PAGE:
Lizzy: This harks back to my student past – 2 years of studying Dutch language and literature. If asked which were my favourite Dutch novels, I would reply The Darkroom of Damocles and The Hidden Force.  I’ve already reviewed Damocles on my blog.  Couperus’s time had arrived.  Unfortunately it didn’t live up to expectations.  Excellent still but not as great as I remembered.  I suspect this was due to  Alexander Teixeira de Mattos’s 1922 translation , edited and revised by E.M Beekman in 1985.  I had no problems with the English. I was more disturbed by the multitudes of unfamiliar Javanese and Malaysian words sown within the  text.   While there was an appendix , I would have preferred the explanations to have appeared as footnotes on the same page.  It would have made the reading much more fluid.  The constant back-and-forth to the glossary annoyed me.

Iris: I had wanted to read another book by Couperus last year (after having read Eline Vere in high school) but I ran out of time. And so when I decided to do another Dutch Lit Month this year, I knew I wanted to make an effort to read Couperus this time around. I also knew my choice would be The Hidden Force, since it is one of those famous fictional works concerned with Dutch colonialism. I felt it would make a great fit in between last year’s reading of Max Havelaar and this year’s readalong of The Tea Lords. I was especially interested to see how Couperus would handle the idea of Javanese resistance to colonialism through ‘a hidden force’.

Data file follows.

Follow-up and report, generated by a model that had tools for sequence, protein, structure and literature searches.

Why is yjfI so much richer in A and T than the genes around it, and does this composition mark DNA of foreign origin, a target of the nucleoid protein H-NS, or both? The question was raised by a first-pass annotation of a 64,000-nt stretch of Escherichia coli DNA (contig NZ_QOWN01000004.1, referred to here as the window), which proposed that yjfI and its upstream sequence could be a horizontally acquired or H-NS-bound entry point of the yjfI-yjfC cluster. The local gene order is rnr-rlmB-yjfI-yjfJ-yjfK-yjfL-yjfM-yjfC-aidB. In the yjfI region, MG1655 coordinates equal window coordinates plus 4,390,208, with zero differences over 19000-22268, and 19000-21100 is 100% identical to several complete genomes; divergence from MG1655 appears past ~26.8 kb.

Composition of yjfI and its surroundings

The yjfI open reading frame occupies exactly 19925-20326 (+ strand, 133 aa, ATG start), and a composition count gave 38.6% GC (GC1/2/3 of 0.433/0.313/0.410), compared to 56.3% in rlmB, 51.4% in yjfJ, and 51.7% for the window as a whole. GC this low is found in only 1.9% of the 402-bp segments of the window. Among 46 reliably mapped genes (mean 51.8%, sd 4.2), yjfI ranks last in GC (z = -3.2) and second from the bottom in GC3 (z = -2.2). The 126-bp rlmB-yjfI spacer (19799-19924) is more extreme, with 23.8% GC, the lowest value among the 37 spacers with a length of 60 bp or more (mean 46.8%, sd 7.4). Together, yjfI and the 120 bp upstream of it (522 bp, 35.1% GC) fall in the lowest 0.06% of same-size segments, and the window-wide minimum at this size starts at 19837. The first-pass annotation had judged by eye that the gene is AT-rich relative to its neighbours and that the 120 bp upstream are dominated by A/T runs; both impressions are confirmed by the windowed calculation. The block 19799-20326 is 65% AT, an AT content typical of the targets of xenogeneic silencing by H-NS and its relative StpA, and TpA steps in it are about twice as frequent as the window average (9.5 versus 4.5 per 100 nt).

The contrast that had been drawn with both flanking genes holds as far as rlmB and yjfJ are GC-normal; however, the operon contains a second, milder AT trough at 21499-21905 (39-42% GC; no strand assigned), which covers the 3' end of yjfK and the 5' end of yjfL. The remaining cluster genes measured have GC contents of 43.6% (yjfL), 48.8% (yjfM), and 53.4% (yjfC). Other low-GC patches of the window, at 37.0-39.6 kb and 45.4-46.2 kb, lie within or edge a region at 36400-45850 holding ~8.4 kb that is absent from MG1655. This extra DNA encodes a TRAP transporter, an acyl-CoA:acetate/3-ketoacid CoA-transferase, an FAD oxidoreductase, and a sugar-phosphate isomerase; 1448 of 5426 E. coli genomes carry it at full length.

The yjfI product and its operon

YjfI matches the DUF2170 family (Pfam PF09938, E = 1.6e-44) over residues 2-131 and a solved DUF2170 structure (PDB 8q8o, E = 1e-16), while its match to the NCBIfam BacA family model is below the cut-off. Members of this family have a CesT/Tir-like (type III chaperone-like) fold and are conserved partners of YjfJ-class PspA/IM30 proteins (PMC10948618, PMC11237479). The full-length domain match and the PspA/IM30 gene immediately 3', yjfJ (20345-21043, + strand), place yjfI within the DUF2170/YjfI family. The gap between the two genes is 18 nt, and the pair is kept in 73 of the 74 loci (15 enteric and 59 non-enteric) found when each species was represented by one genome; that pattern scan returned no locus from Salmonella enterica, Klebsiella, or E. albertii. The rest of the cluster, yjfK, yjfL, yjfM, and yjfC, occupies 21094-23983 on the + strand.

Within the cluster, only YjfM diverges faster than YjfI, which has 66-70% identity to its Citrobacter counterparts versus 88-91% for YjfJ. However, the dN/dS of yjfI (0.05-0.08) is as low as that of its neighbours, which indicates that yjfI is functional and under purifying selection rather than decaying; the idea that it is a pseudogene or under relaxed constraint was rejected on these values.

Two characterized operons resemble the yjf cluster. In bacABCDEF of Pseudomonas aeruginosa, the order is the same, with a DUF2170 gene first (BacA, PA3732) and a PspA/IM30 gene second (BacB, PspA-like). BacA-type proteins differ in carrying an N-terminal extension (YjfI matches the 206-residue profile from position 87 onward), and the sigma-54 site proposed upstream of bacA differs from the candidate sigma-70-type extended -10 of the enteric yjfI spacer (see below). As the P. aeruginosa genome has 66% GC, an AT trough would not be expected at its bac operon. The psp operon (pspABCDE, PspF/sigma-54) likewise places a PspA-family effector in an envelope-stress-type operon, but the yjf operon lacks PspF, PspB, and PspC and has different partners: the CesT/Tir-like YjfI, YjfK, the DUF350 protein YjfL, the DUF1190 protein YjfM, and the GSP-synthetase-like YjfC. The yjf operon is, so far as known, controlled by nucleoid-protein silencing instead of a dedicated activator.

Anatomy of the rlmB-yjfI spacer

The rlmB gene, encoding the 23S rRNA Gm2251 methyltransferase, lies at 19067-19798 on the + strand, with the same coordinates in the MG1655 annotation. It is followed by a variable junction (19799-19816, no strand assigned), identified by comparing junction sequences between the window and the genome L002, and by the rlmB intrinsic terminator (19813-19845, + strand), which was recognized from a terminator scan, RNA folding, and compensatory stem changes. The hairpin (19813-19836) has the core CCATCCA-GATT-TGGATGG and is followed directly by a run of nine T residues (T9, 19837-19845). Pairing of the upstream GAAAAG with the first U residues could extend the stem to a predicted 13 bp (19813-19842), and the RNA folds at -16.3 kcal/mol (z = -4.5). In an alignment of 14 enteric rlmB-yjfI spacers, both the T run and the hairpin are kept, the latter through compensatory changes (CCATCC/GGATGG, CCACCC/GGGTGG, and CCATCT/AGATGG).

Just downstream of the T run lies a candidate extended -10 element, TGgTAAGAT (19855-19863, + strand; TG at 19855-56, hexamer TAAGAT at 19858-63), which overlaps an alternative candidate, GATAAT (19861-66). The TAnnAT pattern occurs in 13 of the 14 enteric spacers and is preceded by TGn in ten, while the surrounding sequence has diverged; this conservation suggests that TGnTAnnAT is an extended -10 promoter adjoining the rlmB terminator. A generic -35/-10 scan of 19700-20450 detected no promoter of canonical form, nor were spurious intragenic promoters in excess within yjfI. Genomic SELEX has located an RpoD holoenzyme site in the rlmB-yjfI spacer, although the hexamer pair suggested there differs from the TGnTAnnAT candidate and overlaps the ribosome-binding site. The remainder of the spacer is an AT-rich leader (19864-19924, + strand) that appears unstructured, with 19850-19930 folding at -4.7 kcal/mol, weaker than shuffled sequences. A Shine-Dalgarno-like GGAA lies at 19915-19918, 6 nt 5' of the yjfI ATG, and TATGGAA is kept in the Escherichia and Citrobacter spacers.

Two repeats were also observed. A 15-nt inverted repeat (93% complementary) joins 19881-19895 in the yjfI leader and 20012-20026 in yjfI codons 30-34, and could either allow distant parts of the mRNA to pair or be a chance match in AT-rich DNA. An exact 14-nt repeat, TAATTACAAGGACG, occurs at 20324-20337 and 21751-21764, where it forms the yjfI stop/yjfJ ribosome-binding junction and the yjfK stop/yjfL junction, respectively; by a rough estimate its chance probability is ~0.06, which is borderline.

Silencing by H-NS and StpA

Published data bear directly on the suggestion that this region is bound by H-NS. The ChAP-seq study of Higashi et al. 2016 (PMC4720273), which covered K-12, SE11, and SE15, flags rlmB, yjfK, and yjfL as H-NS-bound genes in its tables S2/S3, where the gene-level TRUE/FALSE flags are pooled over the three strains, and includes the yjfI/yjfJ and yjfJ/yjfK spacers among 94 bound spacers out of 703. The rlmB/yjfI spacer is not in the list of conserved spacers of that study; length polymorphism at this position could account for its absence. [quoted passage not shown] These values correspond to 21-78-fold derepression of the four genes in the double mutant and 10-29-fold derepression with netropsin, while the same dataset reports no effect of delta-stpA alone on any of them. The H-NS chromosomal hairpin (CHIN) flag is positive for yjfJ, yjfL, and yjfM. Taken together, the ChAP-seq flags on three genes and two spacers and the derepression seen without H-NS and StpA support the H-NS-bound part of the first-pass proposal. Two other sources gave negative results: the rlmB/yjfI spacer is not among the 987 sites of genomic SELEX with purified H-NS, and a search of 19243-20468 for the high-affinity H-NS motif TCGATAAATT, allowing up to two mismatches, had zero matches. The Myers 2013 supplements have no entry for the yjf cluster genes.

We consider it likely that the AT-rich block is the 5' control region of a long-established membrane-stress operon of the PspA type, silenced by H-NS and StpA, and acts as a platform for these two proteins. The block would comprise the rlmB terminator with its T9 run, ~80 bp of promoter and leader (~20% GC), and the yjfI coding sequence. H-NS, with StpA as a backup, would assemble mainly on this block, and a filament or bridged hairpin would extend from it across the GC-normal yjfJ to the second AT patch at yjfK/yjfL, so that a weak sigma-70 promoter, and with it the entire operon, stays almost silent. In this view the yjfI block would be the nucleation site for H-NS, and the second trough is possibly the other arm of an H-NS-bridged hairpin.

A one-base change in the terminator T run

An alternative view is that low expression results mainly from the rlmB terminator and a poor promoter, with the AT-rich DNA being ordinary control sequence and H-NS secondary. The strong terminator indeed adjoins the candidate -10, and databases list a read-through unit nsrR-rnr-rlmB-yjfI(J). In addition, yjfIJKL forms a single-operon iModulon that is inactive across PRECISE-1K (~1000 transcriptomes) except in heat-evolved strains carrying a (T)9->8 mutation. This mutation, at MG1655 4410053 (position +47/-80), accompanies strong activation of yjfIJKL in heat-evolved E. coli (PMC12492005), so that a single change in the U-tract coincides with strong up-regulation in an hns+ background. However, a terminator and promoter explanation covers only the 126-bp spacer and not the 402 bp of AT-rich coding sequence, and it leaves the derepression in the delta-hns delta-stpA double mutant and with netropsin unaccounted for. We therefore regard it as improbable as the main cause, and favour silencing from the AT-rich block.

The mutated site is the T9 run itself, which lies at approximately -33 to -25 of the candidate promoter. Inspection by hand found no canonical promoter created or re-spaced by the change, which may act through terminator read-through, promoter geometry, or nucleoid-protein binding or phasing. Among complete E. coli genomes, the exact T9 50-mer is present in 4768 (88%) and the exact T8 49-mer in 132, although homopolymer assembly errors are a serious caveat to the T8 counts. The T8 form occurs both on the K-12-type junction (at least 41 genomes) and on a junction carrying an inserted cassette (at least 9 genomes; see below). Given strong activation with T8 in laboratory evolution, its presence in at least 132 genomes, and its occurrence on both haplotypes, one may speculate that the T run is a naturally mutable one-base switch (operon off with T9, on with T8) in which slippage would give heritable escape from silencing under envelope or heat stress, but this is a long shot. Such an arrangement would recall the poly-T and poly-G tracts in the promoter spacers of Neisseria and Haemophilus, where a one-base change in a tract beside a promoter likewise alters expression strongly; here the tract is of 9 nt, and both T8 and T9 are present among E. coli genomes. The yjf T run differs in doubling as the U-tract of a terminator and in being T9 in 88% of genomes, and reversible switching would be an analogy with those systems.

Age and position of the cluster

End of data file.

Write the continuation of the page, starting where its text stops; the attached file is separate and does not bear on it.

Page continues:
I had expected Couperus to be somewhat difficult to read with his long, winding sentences. I should also have realised that like so many Dutch authors who wrote about the Dutch East Indies there would be a lot of Malaysian and Javanese words. And yet I struggled with both. Perhaps this was because in the midst of these two phenomena, the story did not manage to capture me as I much as I had hoped. I found that the story was obscured by the prose at times. I read a Dutch version of this book, which like yours translated the Malaysian words in an appendix at the back of the book (and I suspect some words were missing – at least I couldn’t find all of them),  This did not help to retain the flow of the story.

I thought it was interesting that the English translation available on the Gutenberg Project features a translator’s note stating that he chose to get rid of “nearly all the Malay and Javanese words scattered through the text”, since “the sense of colour throughout the book is strong enough without insisting on these native terms.”